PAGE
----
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State of New Jersey v. Hugues Francois

October 4, 2012


On appeal from Superior Court of New Jersey, Law Division, Bergen County, Indictment No. 08-10-1788.

Per curiam.


Argued January 10, 2012

Before Judges Messano, Yannotti and Espinosa.

Defendant appeals from his convictions for first-degree aggravated manslaughter, N.J.S.A. 2C:11-4(a) (count one); second-degree disturbing or removing human remains, N.J.S.A. 2C:22-1(a)(1) (count two); third-degree forgery, N.J.S.A. 2C:21-1(a)(2),(3) (counts three and four); fourth-degree theft by deception, N.J.S.A. 2C:20-4 (count five); and third-degree hindering apprehension, N.J.S.A. 2C:29-3(b)(1) (count six); and his sentence. We affirm.

The victim, Thalia Stathis, was employed as a waitress at the Arena Diner in Hackensack where she worked the overnight shift. Harry Mavrozisis, the Arena Diner night manager, testified that Thalia was an "excellent" employee who worked six days a week. Both he and Jimmie Vetsas, another night manager, stated that she rarely missed work.

Thalia's mother, Joanne Stathis, testified that her relationship with her daughter changed "drastically" when Thalia began dating defendant. On September 7, 2007, Stathis first informed her mother that she was leaving defendant and wanted to come back home. Thalia also confided in two Arena Diner customers who became friends, Ronni Sheldon and Janet Teller, in early September 2007, that she intended to leave defendant.

Thalia had a number of telephone conversations with her parents in the days following September 7. On September 10, 2007, Thalia called Joanne, crying. The two met at a local restaurant, where Thalia told Joanne that she had broken up with defendant and did not want to see him again. Thalia returned to work after lunch and Joanne did not see her daughter alive again.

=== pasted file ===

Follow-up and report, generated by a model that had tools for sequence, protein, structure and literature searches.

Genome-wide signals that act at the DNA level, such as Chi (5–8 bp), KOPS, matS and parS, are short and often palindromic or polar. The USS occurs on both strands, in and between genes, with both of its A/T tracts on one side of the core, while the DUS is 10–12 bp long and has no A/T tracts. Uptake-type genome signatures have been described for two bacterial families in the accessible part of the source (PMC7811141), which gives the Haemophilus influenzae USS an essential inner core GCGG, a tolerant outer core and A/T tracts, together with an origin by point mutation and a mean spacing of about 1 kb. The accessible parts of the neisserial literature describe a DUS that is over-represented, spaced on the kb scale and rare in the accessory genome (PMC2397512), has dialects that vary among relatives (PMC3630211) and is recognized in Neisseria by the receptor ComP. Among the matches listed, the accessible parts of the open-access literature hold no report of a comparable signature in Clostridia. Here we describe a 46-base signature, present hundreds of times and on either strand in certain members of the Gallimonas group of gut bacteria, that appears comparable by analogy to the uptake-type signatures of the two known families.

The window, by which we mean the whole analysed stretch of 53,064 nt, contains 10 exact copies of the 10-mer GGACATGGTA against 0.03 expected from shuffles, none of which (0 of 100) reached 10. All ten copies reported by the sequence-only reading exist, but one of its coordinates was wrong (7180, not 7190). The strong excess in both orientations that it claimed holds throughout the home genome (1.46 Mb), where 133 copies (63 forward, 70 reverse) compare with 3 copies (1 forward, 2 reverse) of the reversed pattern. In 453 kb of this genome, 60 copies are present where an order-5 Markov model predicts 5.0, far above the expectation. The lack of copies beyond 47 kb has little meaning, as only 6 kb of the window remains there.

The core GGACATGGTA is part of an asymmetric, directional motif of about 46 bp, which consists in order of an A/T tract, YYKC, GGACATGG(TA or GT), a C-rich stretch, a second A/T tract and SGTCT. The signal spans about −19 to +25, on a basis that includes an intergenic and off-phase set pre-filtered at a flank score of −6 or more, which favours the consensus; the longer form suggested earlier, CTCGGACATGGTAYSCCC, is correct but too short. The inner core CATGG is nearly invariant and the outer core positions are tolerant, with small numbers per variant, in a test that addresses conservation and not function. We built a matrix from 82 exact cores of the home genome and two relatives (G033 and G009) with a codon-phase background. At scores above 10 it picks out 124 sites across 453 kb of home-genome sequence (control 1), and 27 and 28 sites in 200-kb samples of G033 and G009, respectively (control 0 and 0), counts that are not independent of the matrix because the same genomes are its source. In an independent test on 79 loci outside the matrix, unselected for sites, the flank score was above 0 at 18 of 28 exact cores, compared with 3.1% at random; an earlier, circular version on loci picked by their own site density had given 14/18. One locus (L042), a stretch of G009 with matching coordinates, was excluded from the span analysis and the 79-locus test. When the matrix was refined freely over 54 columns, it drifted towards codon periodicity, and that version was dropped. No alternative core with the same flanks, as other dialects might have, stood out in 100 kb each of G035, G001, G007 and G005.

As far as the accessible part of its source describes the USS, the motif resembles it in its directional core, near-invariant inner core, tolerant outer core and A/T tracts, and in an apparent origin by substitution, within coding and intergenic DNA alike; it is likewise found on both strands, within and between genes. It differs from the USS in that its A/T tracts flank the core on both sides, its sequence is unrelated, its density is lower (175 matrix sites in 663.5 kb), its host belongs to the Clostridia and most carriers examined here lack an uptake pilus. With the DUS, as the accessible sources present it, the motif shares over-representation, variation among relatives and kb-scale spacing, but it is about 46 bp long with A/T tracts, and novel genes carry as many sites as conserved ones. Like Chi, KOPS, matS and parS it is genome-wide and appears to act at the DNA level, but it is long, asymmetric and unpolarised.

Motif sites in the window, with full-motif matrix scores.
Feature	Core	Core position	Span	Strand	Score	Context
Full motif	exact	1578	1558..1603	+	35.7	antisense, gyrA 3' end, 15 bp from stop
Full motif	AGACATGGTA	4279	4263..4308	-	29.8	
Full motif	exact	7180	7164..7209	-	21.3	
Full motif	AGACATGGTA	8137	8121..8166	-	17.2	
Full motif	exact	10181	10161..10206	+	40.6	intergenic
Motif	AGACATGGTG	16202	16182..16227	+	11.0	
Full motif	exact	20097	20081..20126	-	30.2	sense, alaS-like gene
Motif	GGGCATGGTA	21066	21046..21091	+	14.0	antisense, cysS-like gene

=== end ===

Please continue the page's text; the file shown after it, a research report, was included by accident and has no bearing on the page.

Thalia last reported for work on September 13, 2007. That evening, she told both Mavrozisis and Vetsas that she was going to leave defendant. Thalia told Vetsas that before leaving him she intended to return to her apartment to pick up clothes. According to Vetsas, he advised Thalia that her father should accompany her to the apartment, but Thalia stated it was unnecessary.

Following that evening, Mavrozisis found it unusual and became concerned when Thalia missed her scheduled shifts. When he failed in his efforts to contact Thalia, Mavrozisis ultimately contacted the police four or five days later.

On September 26, 2007, when Thalia had been missing for approximately fourteen days, Cliffside Park police officers were dispatched to her apartment to check on her welfare. They spoke with defendant, who informed them that he lived in the apartment with Stathis, his girlfriend of approximately three years, and that he had not seen her for about a week. Defendant was arrested on charges unrelated to this matter.

Defendant was advised of his Miranda*fn1 rights and agreed to answer the officers' questions without an attorney present. He stated that the Cliffside Park apartment belonged to Stathis, and that she paid the rent. Although he had keys to the apartment, he did not sleep there often. Defendant stated he had last seen and spoken to Stathis on September 14, 2007, when he picked her up from work and dropped her off at her apartment between 2:00 and 3:30 in the morning. Defendant claimed that Thalia wanted him to spend the night with her but he left after dropping her off.

According to telephone records, Thalia's last outgoing call was made to defendant's telephone at 1:56 a.m. on the morning of September 14. The last time Thalia's cellphone was active was at 2:51 a.m. that morning, when an incoming call from defendant's phone was forwarded to voicemail. Telephone records also revealed that at the time of both calls, Thalia's phone was within the area of Hackensack Hospital, a short distance from the Arena Diner.